4. Finally, labeling a poster who disagrees with you as "arrogant" that quickly comes across as . . . well . . . arrogant. There's a place for confidence and even cockiness in the military -- met any fighter pilots or Marines? -- but there's a time and a place for it too. Your posts suggest you may need to work on following, and listening, a little bit more before you take your place as a leader. (Which only puts you in with the majority of 18 year old guys with a track record of success.)

    Good luck to you.
     
  16. usna1985

    usna1985 USNA Alumnus

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    In a word, no.

    BGO interviews carry some weight but (as described more fully in my sticky above) are extremely unlikely to make a huge difference for most candidates.

    Putting aside racial/ethnic diversity for a moment (because we will NEVER resolve this issue on this site), USNA has been seeking more geographic diversity. There are still districts where there are zero or very few applicants, let alone qualified applicants. Some of those districts are in inner cities; others are in very rural areas. If USNA is able to find qualified applicants there, those slots have to come from elsewhere -- and those places tend to be areas that are "overrepresented" at USNA.

    Also, the entering class size is smaller today than it was even 10 yrs ago. The graduating class size remains about the same (~1000) but due to decreased attrition, it takes a much smaller entering class (1190 today vs. 1350 in my day and about 1250 only a few years ago) to achieve that endpoint. That means up to 160 people who were appointed in the past now aren't offered appointments. Again, those slots have to come from somewhere.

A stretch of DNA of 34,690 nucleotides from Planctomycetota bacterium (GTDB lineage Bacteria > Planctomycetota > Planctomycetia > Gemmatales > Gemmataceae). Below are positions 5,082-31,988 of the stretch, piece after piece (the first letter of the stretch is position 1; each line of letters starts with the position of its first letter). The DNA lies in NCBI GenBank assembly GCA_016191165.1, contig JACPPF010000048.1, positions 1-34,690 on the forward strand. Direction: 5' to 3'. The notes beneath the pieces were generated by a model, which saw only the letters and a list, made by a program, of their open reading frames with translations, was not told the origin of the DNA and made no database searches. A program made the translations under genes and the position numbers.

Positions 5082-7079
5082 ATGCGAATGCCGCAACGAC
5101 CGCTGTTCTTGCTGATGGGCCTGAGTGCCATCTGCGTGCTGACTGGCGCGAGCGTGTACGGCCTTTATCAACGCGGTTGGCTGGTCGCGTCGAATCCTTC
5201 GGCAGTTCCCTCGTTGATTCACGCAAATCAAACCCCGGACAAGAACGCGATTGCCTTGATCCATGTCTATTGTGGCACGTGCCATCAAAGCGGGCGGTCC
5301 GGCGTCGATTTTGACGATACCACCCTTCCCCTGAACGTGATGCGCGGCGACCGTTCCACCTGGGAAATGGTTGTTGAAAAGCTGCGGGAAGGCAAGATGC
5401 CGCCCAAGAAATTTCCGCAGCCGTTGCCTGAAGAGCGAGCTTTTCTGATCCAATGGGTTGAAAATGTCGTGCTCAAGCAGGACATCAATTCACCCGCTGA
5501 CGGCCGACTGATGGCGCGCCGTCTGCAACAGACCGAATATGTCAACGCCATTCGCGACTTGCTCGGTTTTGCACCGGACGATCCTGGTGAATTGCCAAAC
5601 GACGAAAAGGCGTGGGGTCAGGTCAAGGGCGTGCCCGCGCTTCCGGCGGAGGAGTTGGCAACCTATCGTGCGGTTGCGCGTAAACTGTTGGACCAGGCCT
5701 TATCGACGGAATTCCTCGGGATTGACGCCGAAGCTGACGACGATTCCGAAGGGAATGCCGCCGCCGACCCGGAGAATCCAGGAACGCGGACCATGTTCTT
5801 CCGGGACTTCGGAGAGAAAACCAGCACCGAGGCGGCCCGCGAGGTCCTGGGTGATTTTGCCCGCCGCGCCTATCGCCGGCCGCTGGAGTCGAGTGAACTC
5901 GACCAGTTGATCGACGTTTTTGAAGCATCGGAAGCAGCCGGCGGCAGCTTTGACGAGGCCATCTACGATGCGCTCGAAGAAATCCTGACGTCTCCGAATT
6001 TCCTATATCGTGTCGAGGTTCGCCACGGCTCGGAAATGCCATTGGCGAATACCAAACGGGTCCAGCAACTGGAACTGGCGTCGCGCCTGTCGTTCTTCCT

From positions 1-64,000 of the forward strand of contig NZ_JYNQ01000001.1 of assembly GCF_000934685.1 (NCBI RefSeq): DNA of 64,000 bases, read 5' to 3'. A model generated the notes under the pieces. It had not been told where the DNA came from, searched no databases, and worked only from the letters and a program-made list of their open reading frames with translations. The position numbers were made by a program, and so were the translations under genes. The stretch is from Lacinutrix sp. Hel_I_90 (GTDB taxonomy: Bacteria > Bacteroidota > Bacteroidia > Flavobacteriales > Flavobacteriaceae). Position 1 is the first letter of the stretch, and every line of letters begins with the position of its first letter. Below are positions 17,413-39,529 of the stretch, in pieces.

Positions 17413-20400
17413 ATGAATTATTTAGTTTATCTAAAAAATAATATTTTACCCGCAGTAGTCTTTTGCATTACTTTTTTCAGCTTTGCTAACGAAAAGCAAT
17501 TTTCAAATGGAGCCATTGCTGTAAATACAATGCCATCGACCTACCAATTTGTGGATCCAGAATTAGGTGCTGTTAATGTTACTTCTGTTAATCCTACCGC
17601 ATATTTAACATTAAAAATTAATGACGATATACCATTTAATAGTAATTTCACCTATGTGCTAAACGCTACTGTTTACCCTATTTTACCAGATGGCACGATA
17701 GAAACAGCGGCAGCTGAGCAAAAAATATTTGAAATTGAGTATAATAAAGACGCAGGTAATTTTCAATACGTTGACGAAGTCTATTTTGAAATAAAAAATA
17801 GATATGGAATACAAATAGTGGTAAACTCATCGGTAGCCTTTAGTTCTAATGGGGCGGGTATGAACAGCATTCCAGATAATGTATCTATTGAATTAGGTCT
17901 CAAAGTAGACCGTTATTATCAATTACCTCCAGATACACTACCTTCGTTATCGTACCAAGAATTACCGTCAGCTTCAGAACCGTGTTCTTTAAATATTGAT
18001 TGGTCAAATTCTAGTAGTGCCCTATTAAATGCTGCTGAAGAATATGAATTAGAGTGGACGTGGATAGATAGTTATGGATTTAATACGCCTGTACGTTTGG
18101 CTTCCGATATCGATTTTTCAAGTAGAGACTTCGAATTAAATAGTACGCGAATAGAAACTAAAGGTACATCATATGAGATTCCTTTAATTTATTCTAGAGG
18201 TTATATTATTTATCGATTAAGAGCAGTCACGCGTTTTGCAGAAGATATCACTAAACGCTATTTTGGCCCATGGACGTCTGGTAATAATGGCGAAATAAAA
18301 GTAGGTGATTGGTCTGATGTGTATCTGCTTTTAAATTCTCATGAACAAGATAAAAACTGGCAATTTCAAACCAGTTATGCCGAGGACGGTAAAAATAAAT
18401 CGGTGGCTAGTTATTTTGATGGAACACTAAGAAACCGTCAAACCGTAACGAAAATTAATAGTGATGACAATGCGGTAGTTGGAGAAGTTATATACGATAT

Why does someone get into Harvard and not Yale? Why does someone get into USAFA and not USNA? Why does someone get into Amherst but not Colgate? It happens all of the time because admissions decisions are made by people and what is super-appealing to one person/school may not be as appealing to another.
     
  17. aglages

    aglages Parent

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    Yet....somehow....someway....God's will seems to have found a place in this thread.
     
  18. usna1985

    usna1985 USNA Alumnus

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    Folks,

    Please leave religion out of the discussion. Let's keep this thread -- and this forum -- on the subject of USNA.

    Thank you.

    Your friendly mod.
     
  19. jasongerman9

    jasongerman9 Member

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    futuremarinemom, I thank you for your kind words, and I hope that I can inspire others to apply to the Academy in the future. In my high schools history, albeit short (1966 was our first year), we've had one kid go to West Point in the 1970s and two to Colorado Springs. I harbor no ill will towards Annapolis or any service academy. Anyone who is bold enough and confident enough to give a SA a shot will have my encouragement.
     
  20. NJDAD

    NJDAD Member

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    Jason, I wanted to share my nephew's story. He was unable to get a medical waiver for USNA and ultimately went NROTC. Early in his freshman year he sprained his ankle and decided to give up NROTC. He graduated with an engineering degree and got an entry level job on the west coast (He was from NC). After a year he was laid off and moved back east. He got another engineering job. He decided he really didn't like being behind a desk and started researching FBI, Secret Service etc. etc. He finally applied to Naval OCS and was accepted as a pilot candidate. In July 2011 he was commissioned as an ensign and just a few weeks ago he earned his wings and is now a Naval helicopter pilot. It sounds like you have the determination to make your dreams come true. Best of luck!